Guest Post: Young Women’s Alliance
Once a month, the Young Women’s Alliance hosts a Saturday Session. These sessions are similar to their monthly meetings but are smaller (less than 20 people) and much more interactive. Below is a blog that Cassandra Harrison of the YWA posted after I had the pleasure of joining them for January’s Saturday Session.
Etiquette. I think we can all agree it’s something that is a bit lacking in our society. But it’s still a skill that is highly valued, particularly in the business world. On Saturday, January 19th, several YWA members attended a Saturday Session with Sharon M. Schweitzer, JD, to brush up on their etiquette skills.
Now this wasn’t a ‘which fork goes with which meal’, ‘which red wine with what entrée’ event – not that I couldn’t personally use that help - but rather we learned about those little etiquette skills that you don’t think about, like appropriate eye contact in the workplace. Do you know where and how to look at your boss during a conversation? It’s the eye triangle – from direct eye contact through the middle of the forehead. Don’t look below the nose and definitely not below the neck.
Here’s another one: handshakes. Ladies, this is where we need to beef it up. Don’t be afraid to shake the man’s hand, firmly. You rock, let him know it! Don’t crush his hand, but don’t do the limp fish either. Web hand to web hand, shake from elbow, other arm straight to your side. Two pumps but Texans can get away with three or four, because well, we’re friendlier.
I’ll give you some more freebies.
- Handshakes are the only appropriate workplace interaction. I know we ladies like to hug. But let the boss go for it first. Here’s another thing – all the power is with whoever shakes first. So get in there!
- We’re a more casual society but avoid defaulting to first names in conversation AND in email, unless invited.
- Never hi or hey – always HELLO. As your grandma always said, ‘hay’ is for horses.
- Speaking of names – introduce yourself with your full name, not just your first. Donald Trump doesn’t say, “Hey, how you doing? I’m Donald.” Neither should you.
- Nametags. Always the right side. Done.
- Eat some protein before networking event. No one wants to talk to the woman shoving cheese bites in her mouth.
- Business cards. Get some. Vistaprint is easy and cheap. Also, leopard print should be saved for your Saturday night stilettos. Not your business card holder. Simple and clean.
My favorite lesson was on how to break into conversations. We’ve all been in that uncomfortable situation. It’s not easy and it’s a learned skill. But Sharon offered some great tips. Sorry, that’s not a freebie.
We also discussed email etiquette. I’ll give you this – avoid BCC.
Finally, the etiquette skill I think is most needed in our society – cell phone etiquette. This just takes common sense. Don’t yell, don’t leave the phone on the table, and show respect to those you are with by being present in the conversation, not checking your Facebook status. Log off and hang up.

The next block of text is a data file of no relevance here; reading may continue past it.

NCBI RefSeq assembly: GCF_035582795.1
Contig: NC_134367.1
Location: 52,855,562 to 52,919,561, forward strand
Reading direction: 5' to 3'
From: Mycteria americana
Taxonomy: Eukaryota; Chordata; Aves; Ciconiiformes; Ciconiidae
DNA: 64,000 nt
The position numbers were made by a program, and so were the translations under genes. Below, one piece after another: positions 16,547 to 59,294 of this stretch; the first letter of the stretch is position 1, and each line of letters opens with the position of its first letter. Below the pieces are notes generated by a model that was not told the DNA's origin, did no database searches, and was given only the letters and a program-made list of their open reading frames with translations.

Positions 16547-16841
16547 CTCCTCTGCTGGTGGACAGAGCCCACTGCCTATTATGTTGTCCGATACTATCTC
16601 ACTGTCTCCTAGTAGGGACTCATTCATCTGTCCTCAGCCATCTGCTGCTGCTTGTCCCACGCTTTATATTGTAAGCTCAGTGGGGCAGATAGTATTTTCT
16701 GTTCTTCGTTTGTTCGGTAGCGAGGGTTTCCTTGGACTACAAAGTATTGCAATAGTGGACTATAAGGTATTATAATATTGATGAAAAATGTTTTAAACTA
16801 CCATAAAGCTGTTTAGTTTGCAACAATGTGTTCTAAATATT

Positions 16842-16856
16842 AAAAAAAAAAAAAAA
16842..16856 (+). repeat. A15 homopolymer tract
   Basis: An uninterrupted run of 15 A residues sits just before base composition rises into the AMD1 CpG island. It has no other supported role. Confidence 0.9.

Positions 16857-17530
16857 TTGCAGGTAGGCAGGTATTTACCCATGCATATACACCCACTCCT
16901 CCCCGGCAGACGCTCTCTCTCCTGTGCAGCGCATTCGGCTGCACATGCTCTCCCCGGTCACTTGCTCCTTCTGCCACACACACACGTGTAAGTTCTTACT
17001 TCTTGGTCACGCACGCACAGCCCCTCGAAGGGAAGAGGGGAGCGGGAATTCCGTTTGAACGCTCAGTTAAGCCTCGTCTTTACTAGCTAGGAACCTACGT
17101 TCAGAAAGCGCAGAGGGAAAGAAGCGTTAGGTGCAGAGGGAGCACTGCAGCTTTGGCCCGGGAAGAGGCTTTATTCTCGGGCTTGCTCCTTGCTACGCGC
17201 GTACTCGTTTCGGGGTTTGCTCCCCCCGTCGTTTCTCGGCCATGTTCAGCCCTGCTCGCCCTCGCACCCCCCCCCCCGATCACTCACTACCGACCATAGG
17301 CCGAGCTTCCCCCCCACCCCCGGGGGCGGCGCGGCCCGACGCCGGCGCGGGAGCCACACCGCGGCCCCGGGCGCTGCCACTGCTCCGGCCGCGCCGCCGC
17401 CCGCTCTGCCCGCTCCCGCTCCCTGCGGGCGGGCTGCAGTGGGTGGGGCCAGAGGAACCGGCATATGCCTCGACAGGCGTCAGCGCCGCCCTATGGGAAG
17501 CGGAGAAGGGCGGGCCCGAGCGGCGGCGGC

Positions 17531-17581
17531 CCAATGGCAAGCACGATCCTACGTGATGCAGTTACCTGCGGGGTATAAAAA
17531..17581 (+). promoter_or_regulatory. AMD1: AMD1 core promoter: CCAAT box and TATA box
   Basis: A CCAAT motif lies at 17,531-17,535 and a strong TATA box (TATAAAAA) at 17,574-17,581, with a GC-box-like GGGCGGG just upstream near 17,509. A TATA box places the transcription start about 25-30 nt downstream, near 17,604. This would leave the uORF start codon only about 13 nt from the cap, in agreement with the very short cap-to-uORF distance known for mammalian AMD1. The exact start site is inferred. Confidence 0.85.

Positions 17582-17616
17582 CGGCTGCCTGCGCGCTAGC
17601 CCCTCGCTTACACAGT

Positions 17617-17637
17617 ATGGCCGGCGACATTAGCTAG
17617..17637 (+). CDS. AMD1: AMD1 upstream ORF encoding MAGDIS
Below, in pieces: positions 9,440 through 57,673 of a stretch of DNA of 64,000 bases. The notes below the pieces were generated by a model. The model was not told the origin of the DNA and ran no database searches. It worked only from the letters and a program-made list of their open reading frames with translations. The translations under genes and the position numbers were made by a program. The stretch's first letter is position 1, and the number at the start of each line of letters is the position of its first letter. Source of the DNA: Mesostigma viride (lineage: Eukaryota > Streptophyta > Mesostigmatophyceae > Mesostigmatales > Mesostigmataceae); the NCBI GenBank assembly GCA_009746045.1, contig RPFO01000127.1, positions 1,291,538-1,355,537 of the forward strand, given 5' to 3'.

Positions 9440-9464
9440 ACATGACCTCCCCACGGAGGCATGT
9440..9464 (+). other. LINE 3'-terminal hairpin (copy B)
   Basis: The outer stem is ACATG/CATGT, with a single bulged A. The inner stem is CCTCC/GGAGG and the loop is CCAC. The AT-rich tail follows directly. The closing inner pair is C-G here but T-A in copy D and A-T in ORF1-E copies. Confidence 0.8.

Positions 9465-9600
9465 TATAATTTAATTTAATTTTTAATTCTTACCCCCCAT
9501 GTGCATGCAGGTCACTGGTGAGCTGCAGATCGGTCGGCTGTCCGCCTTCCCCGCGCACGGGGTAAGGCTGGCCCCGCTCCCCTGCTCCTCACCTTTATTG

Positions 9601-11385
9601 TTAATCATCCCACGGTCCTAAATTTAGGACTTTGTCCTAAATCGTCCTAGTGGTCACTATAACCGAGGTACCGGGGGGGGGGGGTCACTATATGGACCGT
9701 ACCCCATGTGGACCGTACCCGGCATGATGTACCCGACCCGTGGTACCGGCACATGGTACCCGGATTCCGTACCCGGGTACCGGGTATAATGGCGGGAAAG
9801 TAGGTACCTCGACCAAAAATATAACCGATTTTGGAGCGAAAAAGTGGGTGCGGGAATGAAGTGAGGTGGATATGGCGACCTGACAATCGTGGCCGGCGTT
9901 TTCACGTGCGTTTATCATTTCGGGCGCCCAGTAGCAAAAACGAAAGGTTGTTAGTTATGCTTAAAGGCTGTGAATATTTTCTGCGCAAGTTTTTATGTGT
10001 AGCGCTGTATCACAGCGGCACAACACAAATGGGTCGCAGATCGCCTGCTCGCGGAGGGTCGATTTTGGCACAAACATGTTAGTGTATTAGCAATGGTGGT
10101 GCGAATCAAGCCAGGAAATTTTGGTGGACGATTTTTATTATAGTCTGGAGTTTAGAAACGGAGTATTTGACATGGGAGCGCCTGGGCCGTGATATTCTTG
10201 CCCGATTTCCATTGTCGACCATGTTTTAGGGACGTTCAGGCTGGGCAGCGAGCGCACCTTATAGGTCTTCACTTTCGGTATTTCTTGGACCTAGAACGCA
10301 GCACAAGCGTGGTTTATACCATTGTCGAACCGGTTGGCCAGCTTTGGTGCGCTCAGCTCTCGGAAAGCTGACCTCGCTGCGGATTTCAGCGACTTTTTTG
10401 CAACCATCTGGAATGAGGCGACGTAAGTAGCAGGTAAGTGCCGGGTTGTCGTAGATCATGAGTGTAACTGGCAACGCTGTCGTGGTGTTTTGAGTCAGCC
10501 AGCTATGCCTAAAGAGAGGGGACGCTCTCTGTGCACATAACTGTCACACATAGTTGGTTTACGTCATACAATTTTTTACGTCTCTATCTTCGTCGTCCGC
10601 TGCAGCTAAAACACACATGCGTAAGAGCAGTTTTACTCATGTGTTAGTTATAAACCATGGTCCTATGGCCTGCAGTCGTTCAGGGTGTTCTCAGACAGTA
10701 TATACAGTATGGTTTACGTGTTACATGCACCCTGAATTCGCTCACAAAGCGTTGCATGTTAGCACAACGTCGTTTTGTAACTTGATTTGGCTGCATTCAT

Dress shabbily, they notice the dress. Dress impeccably, they notice the woman. – Coco Chanel
International Protocol Links
Sharon Schweitzer’s 8 International Travel Tips
As a road warrior who has clocked something like two million miles of business travel over the past twenty years, experience has taught me that international travel is neither glamorous nor for the faint of heart. Delays, crowds, and unappetizing food are all outside of our control. But we don’t have to let unexpected surprises add to our dismay.
As I return from my travels in Asia, I wanted to share my eight top travel tips with you (remember, 8 is an auspicious number in China!). The more of these tips you adopt, the greater your chance of having a pleasant and satisfying trip.
1. Travel Health. Allow plenty of time to schedule an appointment with a travel clinic doctor or nurse to assess your need for inoculations (see also the advisories issued on the US State Department and World Health Organization websites). Travel to certain areas of the globe requires knowledge, precautions and immunization. The 2012 Yellow Book is an excellent resource.
2. Global Entry. Consider applying to the Global Entry Program, which allows approved members to use automated kiosks in most major international U.S. airports to speed up the arrival process. Check their website here to see if you are eligible.
3. Luggage: Invest in the best luggage that you can afford. Check whether the wheels rotate 360 degrees and roll quietly over hard flooring, not just soft carpeting. Read Consumer Reports and check on-line reviews written by pilots and flight attendants for recommendations. Once you have purchased your new luggage, place a current business card inside each bag and fill in an external luggage tag with your contact details.
4. Travel & Other Documents: Make copies and laminate the photo and visa pages of your passport. Place a copy in your suitcase in the event it is mislaid and keep a second copy with you – separate from where you keep the passport itself. Pack twice as many business cards that you think you will need. Bring copies of all travel confirmations. Type all your frequent flyer numbers and memberships on a small card, laminate, and keep in your wallet – and email the information to yourself as well.